Pediatric Tay-Sachs

Pediatric Tay-Sachs

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Summary

Tay-Sachs disease is a rare, inherited condition that affects the nervous system (nerves, brain and spinal cord).

Expanded overview

Tay-Sachs disease is a rare metabolism disorder that causes damage to the nerve cells in the brain and spinal cord. A child with Tay-Sachs disease is born without an important protein called hexosaminidase. Without this protein, too much of a fatty substance called gangliosides builds up in the brain and spinal cord and destroys nerve cells.

Tay-Sachs disease is genetic, meaning that it is passed down from parents to children. The effects of Tay-Sachs disease on the nervous system are so severe that most children with the disease do not live past early childhood.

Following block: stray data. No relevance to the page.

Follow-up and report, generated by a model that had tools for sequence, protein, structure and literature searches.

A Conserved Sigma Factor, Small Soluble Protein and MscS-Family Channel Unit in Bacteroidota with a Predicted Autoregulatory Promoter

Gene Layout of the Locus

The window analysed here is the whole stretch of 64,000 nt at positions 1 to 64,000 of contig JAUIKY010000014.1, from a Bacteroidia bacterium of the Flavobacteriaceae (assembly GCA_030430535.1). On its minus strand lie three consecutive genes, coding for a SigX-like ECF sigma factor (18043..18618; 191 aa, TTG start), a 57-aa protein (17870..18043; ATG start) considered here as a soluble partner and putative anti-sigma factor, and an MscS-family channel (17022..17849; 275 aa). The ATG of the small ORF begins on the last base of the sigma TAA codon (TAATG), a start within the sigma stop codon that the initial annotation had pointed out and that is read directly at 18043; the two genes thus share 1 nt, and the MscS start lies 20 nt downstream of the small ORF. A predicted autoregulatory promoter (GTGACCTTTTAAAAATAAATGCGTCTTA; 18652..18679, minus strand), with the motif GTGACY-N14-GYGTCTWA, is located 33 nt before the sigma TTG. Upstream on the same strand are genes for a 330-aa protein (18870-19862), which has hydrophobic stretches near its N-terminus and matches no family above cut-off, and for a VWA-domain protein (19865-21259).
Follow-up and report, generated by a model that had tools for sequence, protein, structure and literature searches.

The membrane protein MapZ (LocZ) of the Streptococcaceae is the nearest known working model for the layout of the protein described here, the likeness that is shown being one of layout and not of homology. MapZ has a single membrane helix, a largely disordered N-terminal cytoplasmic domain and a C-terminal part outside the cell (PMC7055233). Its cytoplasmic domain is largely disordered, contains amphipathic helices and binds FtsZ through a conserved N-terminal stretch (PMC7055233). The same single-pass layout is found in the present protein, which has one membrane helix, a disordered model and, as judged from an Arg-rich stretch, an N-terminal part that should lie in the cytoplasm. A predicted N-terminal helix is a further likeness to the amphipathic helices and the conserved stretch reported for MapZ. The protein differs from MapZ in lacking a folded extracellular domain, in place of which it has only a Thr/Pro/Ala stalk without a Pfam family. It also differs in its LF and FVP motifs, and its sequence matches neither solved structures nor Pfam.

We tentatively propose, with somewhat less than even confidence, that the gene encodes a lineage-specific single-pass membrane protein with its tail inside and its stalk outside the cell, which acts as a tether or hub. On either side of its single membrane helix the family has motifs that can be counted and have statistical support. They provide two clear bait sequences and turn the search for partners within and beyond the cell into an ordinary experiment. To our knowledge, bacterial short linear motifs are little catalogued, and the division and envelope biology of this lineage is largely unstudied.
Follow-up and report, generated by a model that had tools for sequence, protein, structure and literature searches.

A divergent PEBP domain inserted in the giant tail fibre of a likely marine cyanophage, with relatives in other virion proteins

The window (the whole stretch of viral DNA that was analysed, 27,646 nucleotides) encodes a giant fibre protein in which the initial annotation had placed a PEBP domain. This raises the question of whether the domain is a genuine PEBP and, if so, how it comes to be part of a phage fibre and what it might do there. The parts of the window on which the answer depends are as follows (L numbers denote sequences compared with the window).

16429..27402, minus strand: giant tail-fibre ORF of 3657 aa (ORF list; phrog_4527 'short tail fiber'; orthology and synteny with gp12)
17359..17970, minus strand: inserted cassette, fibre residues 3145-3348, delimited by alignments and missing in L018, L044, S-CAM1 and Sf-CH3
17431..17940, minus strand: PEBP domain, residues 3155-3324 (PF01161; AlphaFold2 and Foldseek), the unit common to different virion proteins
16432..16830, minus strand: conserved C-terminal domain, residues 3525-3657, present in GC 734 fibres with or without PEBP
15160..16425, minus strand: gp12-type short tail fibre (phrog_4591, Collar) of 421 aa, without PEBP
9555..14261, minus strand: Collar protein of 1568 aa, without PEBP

Causes

Tay-Sachs is caused by a genetic defect that causes a baby to lack the protein hexosaminidase. In order for a child to inherit Tay-Sachs disease, both parents must carry and pass on the gene defect. If only one parent passes on the gene, the child is considered a carrier, but will not have the disease.

Risk factors

Your child has a 25 percent chance of being born with Tay-Sachs disease if both parents carry the gene defect. You can have a blood test to check for the gene during pregnancy.

Symptoms

If your child has Tay-Sachs disease, they will not have any symptoms for the first few months after birth. Signs of Tay-Sachs begin around three to six months of age and after that, there is a rapid decline in a child’s health.

Symptoms include:

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